October 1, 2019 3:26 pm
  • Commenter Avatar

    "Fully field-stripping your revolver isn’t necessary more than once or twice a year and does require a working knowledge of your gun’s parts and functions." There is no need to field-strip a revolver twice a year. It is not necessary and creates the potential for damaging the revolver or losing parts -- the average user shouldn't go there. However, it is not a bad idea to remove the crane periodically (once every couple of years, depending on usage) and clean out the channel in which the ejector rod sits -- it can become clogged with residue (a mix of gun oil and powder) and give the gun "cylinder cramps."

    In telling people about revolvers, I think it is also worth mentioning timing - so folks know how to detect problems with roll-up (e.g., detecting a worn hand) and line-up of the cylinder with the forcing cone (which if not right can result in the revolver spitting lead). These are problems that may affect older or used revolvers and emerge slowly -- and highlight one of the real benefits of a revolver -- that is, things can go wrong, but the revolver often gives the user advanced warning that it needs a little attention. This is also true of the problem with the ejector rod backing out -- this is something that the user should detect long before it becomes a problem. It is the user's job to inspect the revolver periodically to make sure everything is present and working, just like the user of a semi-auto should check his or her magazines and magazine catch from time to time. The user should of course scan the revolver to make sure the grips are on tightly, the sights are present and affixed correctly, the cylinder rolls properly, the cylinder release is working right, the forcing cone is not cracked, etc., as a routine part of carrying and using the gun. How in the heck can someone shoot any weapon without checking it out first? A lose ejector rod should never catch anyone by surprise.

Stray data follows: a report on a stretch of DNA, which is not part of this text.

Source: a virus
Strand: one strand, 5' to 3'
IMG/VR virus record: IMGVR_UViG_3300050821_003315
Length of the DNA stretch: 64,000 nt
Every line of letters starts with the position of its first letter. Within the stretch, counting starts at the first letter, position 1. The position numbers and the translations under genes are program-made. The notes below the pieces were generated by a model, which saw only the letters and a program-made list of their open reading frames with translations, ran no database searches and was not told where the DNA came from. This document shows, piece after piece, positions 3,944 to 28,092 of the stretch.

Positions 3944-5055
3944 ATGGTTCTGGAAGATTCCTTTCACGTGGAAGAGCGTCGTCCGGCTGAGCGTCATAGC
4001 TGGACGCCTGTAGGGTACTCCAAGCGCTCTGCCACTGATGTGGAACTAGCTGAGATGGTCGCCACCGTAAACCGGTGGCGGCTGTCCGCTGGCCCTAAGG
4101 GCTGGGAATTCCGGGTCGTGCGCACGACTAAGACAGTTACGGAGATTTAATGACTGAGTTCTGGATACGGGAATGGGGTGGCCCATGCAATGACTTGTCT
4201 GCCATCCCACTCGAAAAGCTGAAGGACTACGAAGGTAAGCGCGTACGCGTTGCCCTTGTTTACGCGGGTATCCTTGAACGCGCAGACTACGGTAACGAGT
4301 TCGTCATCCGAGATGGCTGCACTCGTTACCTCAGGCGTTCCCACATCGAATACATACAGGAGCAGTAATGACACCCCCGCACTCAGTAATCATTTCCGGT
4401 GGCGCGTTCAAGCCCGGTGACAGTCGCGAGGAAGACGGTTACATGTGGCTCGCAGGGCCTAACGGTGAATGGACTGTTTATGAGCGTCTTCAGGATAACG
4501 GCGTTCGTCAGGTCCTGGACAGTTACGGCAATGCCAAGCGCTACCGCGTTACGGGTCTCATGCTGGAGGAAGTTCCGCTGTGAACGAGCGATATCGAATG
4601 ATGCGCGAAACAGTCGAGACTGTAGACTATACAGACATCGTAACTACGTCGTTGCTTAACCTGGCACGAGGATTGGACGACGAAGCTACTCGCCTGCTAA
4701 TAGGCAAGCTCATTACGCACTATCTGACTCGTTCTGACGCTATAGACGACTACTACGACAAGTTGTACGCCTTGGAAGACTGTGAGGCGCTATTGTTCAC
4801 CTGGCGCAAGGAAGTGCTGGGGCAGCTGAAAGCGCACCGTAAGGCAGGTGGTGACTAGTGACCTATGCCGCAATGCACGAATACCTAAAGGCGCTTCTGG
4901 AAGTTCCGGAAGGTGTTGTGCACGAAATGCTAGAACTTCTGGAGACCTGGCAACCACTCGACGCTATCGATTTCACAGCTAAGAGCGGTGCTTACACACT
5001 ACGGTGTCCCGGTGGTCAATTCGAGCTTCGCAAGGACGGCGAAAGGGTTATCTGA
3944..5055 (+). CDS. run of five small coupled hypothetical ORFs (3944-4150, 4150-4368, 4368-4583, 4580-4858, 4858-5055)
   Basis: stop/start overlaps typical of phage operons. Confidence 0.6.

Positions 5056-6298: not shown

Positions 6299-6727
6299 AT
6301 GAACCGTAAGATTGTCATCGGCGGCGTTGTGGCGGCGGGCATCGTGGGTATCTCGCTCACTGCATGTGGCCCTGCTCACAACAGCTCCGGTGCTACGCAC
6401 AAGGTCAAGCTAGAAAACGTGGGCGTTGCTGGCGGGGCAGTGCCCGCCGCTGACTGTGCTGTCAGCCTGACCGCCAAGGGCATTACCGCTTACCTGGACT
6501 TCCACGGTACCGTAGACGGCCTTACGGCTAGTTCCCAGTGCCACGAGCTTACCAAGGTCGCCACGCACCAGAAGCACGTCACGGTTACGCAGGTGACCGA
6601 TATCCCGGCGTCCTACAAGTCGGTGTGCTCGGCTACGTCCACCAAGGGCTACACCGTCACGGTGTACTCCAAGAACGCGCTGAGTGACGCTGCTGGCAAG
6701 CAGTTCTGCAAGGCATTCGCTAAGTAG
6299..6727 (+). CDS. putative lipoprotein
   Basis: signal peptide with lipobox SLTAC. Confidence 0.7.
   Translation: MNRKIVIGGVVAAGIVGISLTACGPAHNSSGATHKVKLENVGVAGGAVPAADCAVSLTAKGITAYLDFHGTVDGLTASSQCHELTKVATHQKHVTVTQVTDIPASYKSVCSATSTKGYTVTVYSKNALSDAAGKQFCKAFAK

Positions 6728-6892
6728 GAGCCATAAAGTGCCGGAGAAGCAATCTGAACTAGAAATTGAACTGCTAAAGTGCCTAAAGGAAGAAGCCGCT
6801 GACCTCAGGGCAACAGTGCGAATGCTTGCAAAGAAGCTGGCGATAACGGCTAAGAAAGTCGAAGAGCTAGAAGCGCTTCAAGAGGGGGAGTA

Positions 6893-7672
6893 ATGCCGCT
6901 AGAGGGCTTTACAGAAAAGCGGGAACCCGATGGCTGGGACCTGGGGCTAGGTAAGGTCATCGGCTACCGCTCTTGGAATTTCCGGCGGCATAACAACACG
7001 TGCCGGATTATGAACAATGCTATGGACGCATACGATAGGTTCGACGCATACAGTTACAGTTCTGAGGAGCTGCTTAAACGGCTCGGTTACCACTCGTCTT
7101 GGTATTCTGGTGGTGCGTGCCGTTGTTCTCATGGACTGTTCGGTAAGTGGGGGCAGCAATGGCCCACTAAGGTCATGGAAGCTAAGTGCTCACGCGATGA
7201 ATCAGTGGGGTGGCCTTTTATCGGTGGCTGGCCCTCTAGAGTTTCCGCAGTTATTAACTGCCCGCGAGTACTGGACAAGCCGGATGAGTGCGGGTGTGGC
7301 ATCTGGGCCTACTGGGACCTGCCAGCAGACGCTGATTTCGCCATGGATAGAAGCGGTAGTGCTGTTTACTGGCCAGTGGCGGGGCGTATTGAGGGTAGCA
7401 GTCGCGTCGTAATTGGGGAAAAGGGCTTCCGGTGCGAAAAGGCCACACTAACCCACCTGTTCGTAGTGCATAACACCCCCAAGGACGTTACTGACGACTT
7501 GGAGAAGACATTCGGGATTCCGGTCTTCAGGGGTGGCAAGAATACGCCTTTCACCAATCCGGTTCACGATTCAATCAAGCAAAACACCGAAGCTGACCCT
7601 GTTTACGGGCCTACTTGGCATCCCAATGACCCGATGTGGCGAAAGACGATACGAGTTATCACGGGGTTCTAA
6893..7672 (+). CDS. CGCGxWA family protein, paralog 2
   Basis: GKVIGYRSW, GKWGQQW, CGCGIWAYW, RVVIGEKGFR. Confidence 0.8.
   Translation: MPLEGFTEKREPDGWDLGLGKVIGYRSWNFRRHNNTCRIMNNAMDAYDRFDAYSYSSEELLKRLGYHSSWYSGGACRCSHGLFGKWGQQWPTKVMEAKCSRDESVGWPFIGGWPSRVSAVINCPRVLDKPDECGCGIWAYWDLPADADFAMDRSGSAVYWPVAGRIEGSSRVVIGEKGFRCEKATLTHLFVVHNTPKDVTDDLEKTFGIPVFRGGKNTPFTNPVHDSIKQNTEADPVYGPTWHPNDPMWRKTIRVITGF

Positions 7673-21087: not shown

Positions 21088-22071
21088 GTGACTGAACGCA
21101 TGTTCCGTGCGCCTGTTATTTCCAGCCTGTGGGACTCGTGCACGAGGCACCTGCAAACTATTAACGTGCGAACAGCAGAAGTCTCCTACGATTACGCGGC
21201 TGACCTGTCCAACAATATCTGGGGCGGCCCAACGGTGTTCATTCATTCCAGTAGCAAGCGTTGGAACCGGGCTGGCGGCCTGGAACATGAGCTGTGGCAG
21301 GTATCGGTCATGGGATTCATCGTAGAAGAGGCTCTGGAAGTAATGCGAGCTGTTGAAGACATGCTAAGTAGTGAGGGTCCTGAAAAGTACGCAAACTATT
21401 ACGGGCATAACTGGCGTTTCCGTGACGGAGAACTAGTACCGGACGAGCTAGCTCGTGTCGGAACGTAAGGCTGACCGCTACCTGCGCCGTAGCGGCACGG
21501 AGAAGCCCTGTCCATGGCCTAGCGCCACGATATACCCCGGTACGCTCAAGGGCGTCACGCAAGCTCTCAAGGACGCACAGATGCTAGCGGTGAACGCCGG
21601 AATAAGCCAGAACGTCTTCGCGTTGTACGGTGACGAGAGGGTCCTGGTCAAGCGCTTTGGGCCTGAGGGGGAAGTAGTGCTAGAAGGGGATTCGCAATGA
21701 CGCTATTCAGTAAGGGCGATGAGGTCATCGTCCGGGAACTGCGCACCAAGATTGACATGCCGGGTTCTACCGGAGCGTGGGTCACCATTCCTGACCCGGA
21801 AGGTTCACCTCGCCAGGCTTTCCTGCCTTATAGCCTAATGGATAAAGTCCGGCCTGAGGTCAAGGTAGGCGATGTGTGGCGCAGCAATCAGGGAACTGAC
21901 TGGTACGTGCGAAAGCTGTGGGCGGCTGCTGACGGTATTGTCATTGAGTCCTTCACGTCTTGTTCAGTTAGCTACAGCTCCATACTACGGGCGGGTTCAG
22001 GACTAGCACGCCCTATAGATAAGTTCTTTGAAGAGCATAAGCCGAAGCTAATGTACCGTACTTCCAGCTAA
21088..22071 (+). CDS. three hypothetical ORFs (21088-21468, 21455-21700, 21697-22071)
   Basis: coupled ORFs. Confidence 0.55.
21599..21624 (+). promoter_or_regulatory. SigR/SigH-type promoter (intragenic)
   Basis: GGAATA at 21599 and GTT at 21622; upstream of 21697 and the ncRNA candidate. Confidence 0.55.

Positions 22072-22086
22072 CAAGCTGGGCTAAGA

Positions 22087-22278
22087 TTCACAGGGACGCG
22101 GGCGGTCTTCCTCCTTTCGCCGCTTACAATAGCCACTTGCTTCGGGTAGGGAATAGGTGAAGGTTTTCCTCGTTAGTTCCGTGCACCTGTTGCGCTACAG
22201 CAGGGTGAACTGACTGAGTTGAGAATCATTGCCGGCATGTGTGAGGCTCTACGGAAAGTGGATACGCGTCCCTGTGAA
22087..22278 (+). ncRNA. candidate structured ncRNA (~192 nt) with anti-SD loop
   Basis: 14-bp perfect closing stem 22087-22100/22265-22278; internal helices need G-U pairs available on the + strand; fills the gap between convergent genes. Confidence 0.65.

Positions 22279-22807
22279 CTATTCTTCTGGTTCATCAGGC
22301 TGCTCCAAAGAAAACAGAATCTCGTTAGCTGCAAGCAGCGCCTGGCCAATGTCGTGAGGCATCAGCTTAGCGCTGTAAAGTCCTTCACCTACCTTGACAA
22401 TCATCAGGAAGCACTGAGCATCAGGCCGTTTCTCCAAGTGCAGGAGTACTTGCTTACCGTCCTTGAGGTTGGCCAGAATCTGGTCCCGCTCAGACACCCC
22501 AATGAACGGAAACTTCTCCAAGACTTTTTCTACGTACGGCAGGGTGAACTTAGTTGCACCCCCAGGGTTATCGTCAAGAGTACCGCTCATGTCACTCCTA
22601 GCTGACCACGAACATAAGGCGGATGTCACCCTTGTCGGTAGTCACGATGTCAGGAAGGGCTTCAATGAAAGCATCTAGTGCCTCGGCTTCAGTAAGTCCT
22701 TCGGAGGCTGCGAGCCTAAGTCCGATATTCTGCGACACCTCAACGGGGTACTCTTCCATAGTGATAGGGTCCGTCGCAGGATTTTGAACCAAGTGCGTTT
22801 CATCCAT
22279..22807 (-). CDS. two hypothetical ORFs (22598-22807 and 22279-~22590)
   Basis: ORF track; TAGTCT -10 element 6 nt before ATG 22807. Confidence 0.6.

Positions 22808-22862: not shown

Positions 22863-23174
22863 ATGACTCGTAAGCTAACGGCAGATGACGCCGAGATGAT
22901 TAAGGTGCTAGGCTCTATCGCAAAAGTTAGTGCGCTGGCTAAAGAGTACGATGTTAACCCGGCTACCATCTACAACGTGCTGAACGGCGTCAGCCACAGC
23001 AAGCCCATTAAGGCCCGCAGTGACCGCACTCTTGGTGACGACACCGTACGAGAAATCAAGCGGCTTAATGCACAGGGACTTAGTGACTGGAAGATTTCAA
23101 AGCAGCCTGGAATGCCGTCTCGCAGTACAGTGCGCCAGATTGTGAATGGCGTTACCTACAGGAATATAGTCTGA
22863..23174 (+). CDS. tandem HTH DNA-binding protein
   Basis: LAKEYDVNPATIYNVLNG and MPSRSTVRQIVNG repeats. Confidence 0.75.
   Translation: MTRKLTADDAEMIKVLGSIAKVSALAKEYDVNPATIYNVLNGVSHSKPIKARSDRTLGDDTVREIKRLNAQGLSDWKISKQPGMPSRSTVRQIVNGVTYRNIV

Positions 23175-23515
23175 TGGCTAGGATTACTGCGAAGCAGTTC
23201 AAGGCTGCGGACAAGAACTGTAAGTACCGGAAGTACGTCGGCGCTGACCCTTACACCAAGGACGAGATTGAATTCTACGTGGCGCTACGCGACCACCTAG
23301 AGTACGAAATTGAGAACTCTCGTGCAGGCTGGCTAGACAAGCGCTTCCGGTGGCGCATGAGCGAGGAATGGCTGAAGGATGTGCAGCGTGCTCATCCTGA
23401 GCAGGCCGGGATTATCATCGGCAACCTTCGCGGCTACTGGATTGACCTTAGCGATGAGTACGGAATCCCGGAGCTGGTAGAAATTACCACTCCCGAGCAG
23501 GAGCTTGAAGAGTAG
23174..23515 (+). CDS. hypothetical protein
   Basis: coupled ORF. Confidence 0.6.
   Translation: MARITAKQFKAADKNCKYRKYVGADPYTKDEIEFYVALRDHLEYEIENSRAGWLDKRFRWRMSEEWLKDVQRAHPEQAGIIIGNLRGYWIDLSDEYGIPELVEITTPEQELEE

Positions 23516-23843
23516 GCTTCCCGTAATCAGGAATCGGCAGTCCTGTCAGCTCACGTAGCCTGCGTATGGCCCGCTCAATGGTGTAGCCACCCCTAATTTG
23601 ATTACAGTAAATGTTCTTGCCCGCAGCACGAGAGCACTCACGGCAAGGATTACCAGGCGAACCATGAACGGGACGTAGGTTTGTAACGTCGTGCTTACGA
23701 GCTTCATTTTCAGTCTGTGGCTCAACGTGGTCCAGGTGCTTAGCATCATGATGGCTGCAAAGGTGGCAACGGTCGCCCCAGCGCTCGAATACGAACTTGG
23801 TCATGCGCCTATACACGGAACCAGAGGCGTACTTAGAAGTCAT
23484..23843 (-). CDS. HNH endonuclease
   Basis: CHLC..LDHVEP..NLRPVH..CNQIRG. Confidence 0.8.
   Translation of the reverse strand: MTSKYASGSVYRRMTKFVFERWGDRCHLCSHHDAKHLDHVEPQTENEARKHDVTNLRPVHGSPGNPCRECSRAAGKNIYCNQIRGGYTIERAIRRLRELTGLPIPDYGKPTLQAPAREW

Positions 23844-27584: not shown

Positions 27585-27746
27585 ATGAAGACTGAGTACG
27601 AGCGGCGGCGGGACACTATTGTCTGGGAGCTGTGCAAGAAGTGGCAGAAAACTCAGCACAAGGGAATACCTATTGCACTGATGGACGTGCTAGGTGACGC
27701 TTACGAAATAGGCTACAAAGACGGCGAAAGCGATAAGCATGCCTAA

Any discussion of revolvers should include mention of lead bullets -- which are very versatile and are used a lot more often in revolvers than in semi-autos. Lead bullets tend to be very accurate (since they generally obdurate well, certainly better than jacketed bullets do) and range from the 148 grain HBWCs (very mild) to the 158 or even the "hard cast" 185 grain SWC (the Kieth bullet is outstanding). These give the .357 Magnum revolver a huge range in capability, from range work to hunting large animals. The article seems to reflect an interest in the more lightweight, faster rounds -- which have a role -- but didn't mention the classic 158 grain load that works so well. It also misses mentioning this -- that the .357 revolver firing the well-known 125 grain load at 1500 fps is one of the most effective man-stopper bullets of all time and exceeds the effectiveness of just about any semi-auto (pick a caliber) out there.